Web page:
“I don’t do maybes, Cecelia,” Spence says, shuffling papers before shoving them haphazardly in a manila file. “You’re either selling or you’re not.”
Cecelia fiddles with her necklace, biting her lip. “I’m not sure if I want to.”
“Then what are you doing in my office?” Spence raises an eyebrow, his suit rumpling as he leans forward. “I’m your real estate agent, not your therapist.”
Cecelia sighs, a noise that falls flat against the carpet she’s been scuffing her feet against for the last two minutes. “I know, I just… it’s been hard. It’s not like it makes sense to keep the house—it’s not a knickknack I can shove in my desk drawer for sentimental value. But I grew up there, for heaven’s sake. It’s not… I can’t just say goodbye to it like it’s nothing.”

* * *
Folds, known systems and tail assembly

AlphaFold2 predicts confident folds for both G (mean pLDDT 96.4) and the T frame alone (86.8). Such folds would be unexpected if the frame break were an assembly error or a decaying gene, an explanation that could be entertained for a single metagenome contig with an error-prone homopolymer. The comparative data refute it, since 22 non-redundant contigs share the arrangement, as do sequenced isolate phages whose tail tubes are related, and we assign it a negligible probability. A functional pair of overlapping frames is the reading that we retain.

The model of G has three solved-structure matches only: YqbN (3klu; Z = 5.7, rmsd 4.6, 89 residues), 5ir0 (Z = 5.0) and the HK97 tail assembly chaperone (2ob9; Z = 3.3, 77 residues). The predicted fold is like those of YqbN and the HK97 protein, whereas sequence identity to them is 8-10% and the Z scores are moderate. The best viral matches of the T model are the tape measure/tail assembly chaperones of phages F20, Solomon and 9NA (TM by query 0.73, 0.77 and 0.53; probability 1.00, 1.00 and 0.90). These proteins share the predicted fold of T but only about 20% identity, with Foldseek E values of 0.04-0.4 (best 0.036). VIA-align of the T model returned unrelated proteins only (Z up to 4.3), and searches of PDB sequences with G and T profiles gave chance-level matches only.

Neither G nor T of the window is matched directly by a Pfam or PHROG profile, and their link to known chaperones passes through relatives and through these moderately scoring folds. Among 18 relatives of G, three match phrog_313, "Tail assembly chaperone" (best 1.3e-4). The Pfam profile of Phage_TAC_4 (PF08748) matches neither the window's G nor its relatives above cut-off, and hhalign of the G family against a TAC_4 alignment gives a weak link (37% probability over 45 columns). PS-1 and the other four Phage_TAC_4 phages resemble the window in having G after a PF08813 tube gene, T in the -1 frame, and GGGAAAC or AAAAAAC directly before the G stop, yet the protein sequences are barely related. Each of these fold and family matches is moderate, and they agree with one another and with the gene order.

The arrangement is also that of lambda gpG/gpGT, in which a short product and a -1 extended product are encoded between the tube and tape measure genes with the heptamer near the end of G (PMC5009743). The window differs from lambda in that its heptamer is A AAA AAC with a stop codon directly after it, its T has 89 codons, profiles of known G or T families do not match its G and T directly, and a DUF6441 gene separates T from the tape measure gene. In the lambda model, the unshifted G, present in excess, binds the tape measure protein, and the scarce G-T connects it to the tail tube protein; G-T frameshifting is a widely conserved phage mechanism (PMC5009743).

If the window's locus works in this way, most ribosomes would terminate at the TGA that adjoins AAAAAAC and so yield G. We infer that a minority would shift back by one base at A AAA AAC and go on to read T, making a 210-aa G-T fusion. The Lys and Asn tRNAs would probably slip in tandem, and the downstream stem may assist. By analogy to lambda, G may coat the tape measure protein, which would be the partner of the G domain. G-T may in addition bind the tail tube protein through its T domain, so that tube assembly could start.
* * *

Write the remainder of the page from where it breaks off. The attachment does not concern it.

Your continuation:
Spence’s face softens, his quirked mountain of an eyebrow softening into something more of a rolling hill. “Hey. I get it. You just lost your mom a month ago. Grief does weird things to the mind. You’ll get through it.”
“I hope.” Cecilia’s eyes drift to the swaying trees outside the window, then back to Spence’s face, smiling lightly. “I thought you said you weren’t my therapist.”
“I’m still your friend. Also, it’s no fun to work with a depressed client. Tell you what,” he says, getting out of his chair. Cecelia follows suit, heading for the door. “I’ll give you a few days. You said your flight back to LA is… Tuesday? That gives you five days. Go through the house. Clear out the cobwebs. Find whatever skeletons your mom had shoved in the closet, metaphorical or otherwise, and then get back to me. If you’re selling, great! If you aren’t, slightly less great, but still your choice. If it takes you longer than Tuesday, you’ll lose the childhood friend discount. Capiche?” Spence grins as he props the door open. Cecelia rolls her eyes, taking the door from Spence. “Got it.”